Nurses are considered to have a general nursing knowledge rather than thought of as specialists, such as physicians might be. It is important for nurses to understand that the standard of care for nurses is only that of the reasonable, ordinary nurse and it is the standard of care at the time of the incident that is applicable. Additionally, if testimony about nursing is to be provided, it must be from a nurse with experience in the area of nursing in question. For example, a wound care nurse would be held to the standard of a reasonable wound care nurse, practicing under the same or similar circumstances, in the year the incident occurred.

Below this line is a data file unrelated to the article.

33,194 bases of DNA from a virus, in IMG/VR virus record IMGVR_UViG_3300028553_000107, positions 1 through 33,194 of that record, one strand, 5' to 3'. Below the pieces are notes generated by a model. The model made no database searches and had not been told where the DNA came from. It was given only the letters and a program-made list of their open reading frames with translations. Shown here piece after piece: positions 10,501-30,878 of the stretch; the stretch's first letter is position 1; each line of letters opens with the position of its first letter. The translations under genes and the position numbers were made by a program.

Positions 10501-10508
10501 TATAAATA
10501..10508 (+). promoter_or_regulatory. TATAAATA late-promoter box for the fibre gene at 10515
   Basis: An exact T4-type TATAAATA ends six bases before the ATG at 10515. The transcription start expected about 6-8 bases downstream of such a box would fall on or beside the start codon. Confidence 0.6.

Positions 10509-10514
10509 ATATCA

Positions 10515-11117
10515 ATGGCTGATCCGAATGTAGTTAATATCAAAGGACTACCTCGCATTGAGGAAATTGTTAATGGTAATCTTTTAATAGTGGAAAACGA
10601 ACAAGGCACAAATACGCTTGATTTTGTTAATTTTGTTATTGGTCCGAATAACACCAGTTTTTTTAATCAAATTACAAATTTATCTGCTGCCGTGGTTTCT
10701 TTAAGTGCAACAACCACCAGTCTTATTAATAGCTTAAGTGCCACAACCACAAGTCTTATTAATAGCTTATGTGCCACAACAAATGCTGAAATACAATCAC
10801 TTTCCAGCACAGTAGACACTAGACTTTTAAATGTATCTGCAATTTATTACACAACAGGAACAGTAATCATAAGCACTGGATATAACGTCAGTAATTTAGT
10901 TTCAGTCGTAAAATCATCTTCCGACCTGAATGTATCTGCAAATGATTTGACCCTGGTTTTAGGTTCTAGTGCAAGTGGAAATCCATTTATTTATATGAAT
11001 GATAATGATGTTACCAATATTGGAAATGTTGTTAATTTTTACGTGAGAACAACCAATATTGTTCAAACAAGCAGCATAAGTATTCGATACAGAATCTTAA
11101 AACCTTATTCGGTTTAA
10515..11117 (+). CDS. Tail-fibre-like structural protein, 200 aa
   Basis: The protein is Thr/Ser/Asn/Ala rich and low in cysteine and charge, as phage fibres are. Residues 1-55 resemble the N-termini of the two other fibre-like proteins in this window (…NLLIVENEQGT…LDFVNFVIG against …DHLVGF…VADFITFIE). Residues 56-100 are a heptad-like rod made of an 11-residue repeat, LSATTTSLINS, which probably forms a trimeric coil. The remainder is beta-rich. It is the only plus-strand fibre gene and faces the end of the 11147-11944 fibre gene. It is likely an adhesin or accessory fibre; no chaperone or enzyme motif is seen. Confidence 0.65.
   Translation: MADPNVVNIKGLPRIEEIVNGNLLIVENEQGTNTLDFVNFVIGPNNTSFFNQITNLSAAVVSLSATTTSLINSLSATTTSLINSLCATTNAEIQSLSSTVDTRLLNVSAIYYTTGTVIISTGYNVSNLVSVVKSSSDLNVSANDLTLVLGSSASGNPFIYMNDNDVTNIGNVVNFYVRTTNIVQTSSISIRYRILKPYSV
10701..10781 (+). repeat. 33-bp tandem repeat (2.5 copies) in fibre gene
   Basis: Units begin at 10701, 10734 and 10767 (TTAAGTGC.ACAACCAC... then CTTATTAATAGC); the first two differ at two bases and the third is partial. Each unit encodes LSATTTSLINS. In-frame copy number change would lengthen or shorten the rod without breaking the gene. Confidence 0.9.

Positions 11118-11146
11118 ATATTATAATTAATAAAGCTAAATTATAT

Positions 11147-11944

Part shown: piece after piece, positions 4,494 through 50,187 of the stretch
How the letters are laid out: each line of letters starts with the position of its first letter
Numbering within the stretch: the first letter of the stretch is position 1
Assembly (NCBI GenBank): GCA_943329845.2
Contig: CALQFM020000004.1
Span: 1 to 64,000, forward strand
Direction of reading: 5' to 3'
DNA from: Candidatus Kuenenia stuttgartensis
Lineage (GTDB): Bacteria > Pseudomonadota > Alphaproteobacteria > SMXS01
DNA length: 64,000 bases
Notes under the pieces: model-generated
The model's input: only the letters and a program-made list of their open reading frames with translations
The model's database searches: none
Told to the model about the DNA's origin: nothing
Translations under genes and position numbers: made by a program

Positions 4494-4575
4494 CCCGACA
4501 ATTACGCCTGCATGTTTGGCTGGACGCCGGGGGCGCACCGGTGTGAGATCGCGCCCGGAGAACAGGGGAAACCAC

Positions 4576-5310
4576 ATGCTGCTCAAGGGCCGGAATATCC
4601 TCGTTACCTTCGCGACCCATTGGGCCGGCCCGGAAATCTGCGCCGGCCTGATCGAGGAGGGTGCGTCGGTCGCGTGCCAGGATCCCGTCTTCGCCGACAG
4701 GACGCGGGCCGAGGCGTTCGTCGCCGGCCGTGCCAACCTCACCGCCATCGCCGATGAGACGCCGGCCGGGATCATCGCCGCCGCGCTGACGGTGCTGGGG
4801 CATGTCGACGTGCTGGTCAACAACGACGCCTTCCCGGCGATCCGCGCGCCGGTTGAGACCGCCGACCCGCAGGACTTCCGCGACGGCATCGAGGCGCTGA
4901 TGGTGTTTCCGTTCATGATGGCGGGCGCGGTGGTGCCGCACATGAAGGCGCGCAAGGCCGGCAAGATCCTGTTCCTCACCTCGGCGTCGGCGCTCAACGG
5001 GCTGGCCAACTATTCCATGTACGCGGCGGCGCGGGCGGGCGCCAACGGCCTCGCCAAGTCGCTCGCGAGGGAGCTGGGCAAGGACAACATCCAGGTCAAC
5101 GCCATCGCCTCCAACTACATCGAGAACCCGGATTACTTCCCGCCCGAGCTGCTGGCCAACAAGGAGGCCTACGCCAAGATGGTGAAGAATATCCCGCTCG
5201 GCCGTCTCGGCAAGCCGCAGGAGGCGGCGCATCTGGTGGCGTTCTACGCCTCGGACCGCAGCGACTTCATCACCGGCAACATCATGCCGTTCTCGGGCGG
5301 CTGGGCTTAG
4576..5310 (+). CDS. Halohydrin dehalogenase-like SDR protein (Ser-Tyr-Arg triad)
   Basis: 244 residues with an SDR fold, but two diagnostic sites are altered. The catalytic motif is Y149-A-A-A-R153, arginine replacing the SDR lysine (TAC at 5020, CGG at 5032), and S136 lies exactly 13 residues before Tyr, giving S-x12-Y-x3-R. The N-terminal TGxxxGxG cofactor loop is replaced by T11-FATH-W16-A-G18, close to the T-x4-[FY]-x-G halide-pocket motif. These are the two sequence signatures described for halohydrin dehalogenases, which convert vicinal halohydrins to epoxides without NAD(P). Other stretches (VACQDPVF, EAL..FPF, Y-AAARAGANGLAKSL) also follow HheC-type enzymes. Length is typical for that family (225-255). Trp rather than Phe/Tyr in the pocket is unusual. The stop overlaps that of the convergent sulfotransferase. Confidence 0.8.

More specifically for a wound care nurse, the standard of care would be that of an average nurse practicing in the area of wound care and delivering nursing care to a same or similar patient under the same or similar circumstances. There is a trend toward a national standard of care for those nurses whose credentials indicate that they are certified by a national association of nurses.
In cases of advanced practice nurses such as a certified RN anesthetist (CRNA) or nurse practitioner (NP), the standard of care would be for a CRNA or NP. In general, advanced practice nursing requires specific qualifications including an advanced degree in a specific area of expertise. Advanced practice nursing may also require certification by a national association and specific licensing by the state through the board of nursing. The state boards of nursing may define the nursing scope of practice through statutes.